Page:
If you are running a skill based contest make sure to explain who is judging the submissions. How many rounds of review are there? What are the special criteria for entry?
State all dates and times, including when the event begins and ends, when entries close, when the winner(s) will be chosen and notified, etc.
This is also good for you because having a countdown gives your audience a sense of urgency. It also gives you a target date you can use to schedule a fun email sequence to the participants of the contest… perhaps with small weekly prizes and and encouragement to keep sharing along the way.
Chances are, if you are reading this, a participant in your contest has a far far higher chance of winning than their state lottery. Don’t be shy about telling people they have a one in 800 chance of winning if there are only 800 participants. This is likely to get them more excited and taking the additional actions on your giveaway that could earn them additional entries or points.
The same principle applies to running a waitlist campaign. Sure - you could pretend 10,000 people have already joined, but that wouldn’t be transparent and also takes away the excitement from early entries who would love to say they were in the first 100 to join!
If you are giving away something of value then you are going to get people trying to cheat the system. One way to stop fraud is to be up front about the rules. Consider adding some text directly ON the contest page about limits to the number of entries per IP address, using robots, or disposable email addresses. Some examples of explicit rules you may want to include:
A sample note at the bottom of the contest page could look like this…
We’re working to keep this giveaway fun for everyone. That means we’re going to be excluding duplicate entries, fake referrals, temporary email addresses, people using robots or scripts to add entries, and anyone else we strongly suspect has violated any of the official contest rules (Link to official rules).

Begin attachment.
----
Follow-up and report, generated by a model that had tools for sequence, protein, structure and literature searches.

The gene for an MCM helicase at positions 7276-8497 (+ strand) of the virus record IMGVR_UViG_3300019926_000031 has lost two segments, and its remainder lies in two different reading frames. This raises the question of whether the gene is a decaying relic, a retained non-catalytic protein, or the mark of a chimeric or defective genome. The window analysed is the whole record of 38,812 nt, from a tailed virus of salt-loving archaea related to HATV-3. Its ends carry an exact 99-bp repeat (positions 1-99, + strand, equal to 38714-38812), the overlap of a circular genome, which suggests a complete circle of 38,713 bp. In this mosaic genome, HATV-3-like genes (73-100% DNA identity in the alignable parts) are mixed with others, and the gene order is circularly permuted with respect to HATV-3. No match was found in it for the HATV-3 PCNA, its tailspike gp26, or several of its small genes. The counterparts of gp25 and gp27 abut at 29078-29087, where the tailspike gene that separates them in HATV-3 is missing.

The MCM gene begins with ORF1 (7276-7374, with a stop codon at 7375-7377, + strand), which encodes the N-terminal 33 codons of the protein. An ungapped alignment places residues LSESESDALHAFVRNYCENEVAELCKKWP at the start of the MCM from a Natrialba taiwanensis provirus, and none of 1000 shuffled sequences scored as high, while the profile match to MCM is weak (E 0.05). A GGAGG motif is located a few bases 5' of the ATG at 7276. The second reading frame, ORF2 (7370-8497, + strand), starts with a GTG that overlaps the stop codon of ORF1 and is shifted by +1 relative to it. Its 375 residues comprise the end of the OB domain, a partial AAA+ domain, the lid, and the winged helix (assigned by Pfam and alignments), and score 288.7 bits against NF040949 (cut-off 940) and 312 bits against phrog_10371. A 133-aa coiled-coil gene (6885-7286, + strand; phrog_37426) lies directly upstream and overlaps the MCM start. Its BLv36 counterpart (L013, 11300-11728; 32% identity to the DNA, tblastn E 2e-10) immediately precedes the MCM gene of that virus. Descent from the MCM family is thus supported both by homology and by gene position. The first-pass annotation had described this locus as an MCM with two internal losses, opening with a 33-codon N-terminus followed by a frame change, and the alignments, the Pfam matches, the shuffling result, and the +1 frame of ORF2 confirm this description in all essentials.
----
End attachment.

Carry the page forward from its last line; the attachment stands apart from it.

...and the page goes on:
Here is one in action.
You likely want to share the contest or sweepstakes results and promote the winner. Before writing your announcement or press release, be sure that you have the rights to share the winner’s information.
If you are going to be sharing more information about the winners you should consider having the winners sign a media release form. They should be able to choose whether they want their name, image, both, or neither published in your promotions.
If you plan to use their contact details for marketing purposes, you must disclose that. Participants must consent to their information being used in this way. This is also true if you are partnering with other companies to co-promote a giveaway. Make sure the entrants understand all the parties that their information is being shared with.
For contests, disclose how you plan to use submissions. As the purpose is often to collect user-generated content, you’ll need permission to reproduce photos, videos, etc. To avoid any legal troubles, make sure your contestants understand how their content may be used and opt-out if they so desire.
We hope you found this article helpful. Remember, these are basic best practices. When it comes to the legal compliance you should consult with an attorney or other legal advisor when developing your contest or sweepstakes. It’s better to do your homework and ensure full compliance than to launch with potential legal issues lurking!